Would the Judges of the CCJ be vulnerable to political manipulation?
It is generally accepted in our societies that independence of the judiciary is a vital and essential ingredient of the rule of law, a basic principle of governance in CARICOM Member States. To ensure independence of the members of the Court, there are appropriate provisions in the Agreement Establishing the CCJ to provide for credible institutional arrangements.
Firstly, unlike the situation with the European Court of Justice, where Judges are appointed by the Ministers of Governments, Judges of the CCJ are appointed by a Regional Judicial and Legal Services Commission (RJLSC). The composition of the RJLSC should offer comfort to the citizens of the region. The President of the CCJ chairs the Commission. Of its 11 members, four are to be appointed on the recommendations of the legal fraternity; two are to be chairpersons of national judicial and public service commissions, two are to be appointed by the Secretary General of CARICOM and the Director-General of the OECS jointly after consultation with non-Governmental organisations.
The Agreement also addresses the security of tenure of Judges. Removal of Judges from office requires an affirmative recommendation of a tribunal established for the purpose. The President of the Court is appointed by the Heads of Government of participating States on the recommendation of the commission and may be removed for cause only on the recommendation of the commission acting on the advice of a tribunal established for the purpose. The judges of the European Court of Justice, as indicated above, and the European Court of First Instance, are appointed by the Ministers of Government and those of the Andean Court of Justice are elected by States.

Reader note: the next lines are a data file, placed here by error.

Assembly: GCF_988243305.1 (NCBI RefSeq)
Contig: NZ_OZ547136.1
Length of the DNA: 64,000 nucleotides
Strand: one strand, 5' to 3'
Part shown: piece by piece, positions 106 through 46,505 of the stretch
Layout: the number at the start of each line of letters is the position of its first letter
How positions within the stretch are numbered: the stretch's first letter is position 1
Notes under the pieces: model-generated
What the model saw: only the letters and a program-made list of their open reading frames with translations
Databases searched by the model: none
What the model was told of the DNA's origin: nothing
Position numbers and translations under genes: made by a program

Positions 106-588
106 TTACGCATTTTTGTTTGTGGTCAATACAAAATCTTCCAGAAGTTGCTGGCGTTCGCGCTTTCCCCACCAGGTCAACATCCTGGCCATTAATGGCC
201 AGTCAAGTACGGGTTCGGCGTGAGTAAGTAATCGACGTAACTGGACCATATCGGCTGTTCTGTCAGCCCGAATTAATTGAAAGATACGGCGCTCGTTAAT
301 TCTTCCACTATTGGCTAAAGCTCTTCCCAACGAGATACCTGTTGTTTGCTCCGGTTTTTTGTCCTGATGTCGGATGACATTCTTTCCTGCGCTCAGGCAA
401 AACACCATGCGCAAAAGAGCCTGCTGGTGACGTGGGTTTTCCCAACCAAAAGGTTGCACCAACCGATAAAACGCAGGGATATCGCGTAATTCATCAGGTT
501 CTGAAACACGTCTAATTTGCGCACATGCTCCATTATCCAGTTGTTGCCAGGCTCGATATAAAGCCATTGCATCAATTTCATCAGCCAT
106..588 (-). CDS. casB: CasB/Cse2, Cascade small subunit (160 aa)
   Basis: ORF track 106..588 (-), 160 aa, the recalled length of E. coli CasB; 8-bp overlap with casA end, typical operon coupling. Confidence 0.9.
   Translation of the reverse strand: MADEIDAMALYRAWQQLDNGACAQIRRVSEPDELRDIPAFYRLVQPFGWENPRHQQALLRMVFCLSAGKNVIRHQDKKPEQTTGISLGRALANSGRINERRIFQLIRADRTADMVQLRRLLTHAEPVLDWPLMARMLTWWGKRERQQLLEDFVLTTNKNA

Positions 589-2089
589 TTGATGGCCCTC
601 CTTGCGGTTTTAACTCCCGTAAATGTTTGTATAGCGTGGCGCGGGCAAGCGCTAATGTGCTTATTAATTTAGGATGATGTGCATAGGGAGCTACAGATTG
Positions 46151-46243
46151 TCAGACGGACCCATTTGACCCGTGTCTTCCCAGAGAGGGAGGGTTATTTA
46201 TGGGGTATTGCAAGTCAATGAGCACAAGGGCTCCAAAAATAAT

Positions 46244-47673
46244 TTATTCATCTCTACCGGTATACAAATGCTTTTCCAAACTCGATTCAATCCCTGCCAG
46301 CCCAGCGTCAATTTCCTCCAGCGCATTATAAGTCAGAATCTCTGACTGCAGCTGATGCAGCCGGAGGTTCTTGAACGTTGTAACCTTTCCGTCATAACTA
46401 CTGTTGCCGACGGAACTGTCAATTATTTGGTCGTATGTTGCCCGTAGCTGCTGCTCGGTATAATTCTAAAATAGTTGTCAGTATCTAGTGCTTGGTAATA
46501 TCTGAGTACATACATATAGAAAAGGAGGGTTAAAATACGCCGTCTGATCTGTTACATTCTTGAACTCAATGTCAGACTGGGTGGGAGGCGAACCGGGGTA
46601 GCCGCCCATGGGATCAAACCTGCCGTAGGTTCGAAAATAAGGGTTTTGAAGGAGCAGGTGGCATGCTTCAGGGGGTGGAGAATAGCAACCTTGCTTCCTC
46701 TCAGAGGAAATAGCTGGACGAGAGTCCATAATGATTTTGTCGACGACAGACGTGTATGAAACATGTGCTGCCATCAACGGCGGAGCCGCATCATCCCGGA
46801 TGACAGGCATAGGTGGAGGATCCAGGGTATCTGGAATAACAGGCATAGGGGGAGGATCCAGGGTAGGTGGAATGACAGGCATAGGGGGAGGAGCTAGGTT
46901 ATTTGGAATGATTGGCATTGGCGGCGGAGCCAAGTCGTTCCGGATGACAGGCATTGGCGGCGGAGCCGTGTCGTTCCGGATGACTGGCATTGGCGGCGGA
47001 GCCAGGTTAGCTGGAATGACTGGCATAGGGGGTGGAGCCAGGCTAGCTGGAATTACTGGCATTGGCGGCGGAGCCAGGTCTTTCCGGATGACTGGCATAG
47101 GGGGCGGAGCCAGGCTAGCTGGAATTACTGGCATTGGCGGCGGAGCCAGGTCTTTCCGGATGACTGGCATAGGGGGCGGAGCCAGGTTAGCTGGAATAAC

In effect, the Caribbean Community is the only integration movement whose judges are not directly appointed or elected by Member States.
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